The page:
Friday, May 25, 2018

Greek Parliament approves crucial austerity bill

ATHENS, Greece — Greek lawmakers today approved harsh new austerity measures demanded by bailout creditors to save the debt-crippled nation from bankruptcy, after riots in Athens and other cities left stores looted and burned, and more than 120 people hurt.

The vote paves the way for Greece's European partners and the International Monetary Fund to release $170 billion in new rescue loans, without which Greece would default on its mountain of debt next month and likely leave the eurozone — a scenario that would further roil global markets.

Lawmakers voted 199-74 in favor of the cutbacks, despite strong dissent among the two main coalition members. In response, the Socialists and conservatives expelled 22 and 21 lawmakers, respectively, reducing their majority in the 300-seat Parliament from 236 to 193.

Sunday's clashes erupted after more than 100,000 protesters marched to the Parliament building to rally against the drastic cuts, which will ax one in five civil service jobs and slash the minimum wage by more than a fifth.

At least 45 businesses were damaged by fire, including several historic buildings, movie theaters, banks and a cafeteria, in the worst riot damage in Athens in years. Fifty police officers were injured and at least 70 protesters were hospitalized. Sixty-seven suspected rioters were arrested.

Prime Minister Lucas Papademos urged calm. "Vandalism and destruction have no place in a democracy and will not be tolerated," he told Parliament just before the vote. "I call on the public to show calm. At these crucial times, we do not have the luxury of this type of protest. I think everyone is aware of how serious the situation is."

Since May 2010, Greece has survived on a $145 billion bailout from its European partners and the International Monetary Fund. When that proved insufficient, the new rescue package was approved. The deal, which has not yet been finalized, will be combined with a massive bond swap deal to write off half the country's privately held debt.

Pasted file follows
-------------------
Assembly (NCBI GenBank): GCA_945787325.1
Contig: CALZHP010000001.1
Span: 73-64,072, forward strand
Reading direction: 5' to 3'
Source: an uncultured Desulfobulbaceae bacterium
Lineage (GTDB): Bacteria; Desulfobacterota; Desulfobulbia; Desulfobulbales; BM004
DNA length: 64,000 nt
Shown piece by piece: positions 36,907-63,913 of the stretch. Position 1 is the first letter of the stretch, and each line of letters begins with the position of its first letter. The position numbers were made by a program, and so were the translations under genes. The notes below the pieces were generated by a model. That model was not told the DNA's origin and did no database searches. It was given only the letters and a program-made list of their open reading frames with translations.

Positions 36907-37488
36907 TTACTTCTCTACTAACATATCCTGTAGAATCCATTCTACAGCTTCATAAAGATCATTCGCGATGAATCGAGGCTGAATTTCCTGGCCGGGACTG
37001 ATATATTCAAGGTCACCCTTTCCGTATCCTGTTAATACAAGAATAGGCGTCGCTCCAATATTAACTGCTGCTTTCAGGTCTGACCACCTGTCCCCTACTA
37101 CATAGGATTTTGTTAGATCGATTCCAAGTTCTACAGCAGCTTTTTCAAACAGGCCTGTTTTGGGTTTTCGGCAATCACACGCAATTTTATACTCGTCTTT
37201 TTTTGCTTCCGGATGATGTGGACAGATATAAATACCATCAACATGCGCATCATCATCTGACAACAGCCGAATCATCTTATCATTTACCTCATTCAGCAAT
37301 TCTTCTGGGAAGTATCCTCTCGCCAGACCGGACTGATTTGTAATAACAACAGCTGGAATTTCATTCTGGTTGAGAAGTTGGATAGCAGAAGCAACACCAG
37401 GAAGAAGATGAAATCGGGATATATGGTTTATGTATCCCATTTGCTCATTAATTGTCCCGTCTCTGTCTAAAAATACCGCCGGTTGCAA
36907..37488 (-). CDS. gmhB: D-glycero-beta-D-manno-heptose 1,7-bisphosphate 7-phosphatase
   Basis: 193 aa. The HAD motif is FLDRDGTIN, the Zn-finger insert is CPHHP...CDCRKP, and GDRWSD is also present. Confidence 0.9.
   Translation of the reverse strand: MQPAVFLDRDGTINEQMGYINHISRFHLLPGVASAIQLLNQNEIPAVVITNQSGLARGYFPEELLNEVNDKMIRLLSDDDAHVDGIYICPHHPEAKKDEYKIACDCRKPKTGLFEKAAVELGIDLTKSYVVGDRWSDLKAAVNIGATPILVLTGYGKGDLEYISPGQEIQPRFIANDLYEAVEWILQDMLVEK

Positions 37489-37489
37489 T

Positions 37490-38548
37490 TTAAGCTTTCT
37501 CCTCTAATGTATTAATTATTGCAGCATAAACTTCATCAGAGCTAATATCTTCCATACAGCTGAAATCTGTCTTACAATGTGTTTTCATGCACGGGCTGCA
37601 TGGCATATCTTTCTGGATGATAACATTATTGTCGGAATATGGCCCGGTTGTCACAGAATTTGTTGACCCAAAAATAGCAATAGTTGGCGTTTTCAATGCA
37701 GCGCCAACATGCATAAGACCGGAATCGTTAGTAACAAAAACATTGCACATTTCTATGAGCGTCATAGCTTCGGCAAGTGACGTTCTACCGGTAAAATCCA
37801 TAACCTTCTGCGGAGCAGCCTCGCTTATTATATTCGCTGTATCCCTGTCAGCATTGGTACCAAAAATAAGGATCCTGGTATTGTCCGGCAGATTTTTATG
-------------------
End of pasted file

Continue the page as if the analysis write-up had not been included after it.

But for both deals to materialize, Greece had to persuade its deeply skeptical creditors that it has the will to implement spending cuts and public sector reforms that will end years of fiscal profligacy and tame gaping budget deficits.

As protests raged Sunday, demonstrators set bonfires in front of the Parliament building and dozens of riot police formed lines to keep them from making a run on it. Security forces fired dozens of tear gas volleys at rioters, who attacked them with firebombs and chunks of marble broken off the fronts of luxury hotels, banks and department stores.

Athens Mayor Giorgos Kaminis said rioters tried to storm the City Hall building, but were repelled. "Once again, the city is being used as a lever to try to destabilize the country," he said.

In Parliament, Finance Minister Evangelos Venizelos said the new austerity measures were vital to the country's very economic survival.

"The question is not whether some salaries and pensions will be curtailed, but whether we will be able to pay even these reduced wages and pensions," he told lawmakers before the vote. "When you have to choose between bad and worse, you will pick what is bad to avoid what is worse."

The cutbacks, which follow two years of harsh income losses and tax hikes amid a deep recession and record high unemployment, have been demanded by Greece's bailout creditors in return for a new batch of vital rescue loans.

Greece's eurozone partners kept up the pressure for real reform. German Finance Minister Wolfgang Schaeuble was quoted as telling the Welt am Sonntag newspaper on Sunday that Greece "cannot be a bottomless pit."

Highlighting previous pledges he said weren't kept, Schaeuble said "that is why Greece's promises aren't enough for us any more."

Asked whether Greece has a long-term future in the eurozone, Germany's Vice Chancellor Philip Roesler said "that is now in the hands of the Greeks alone."

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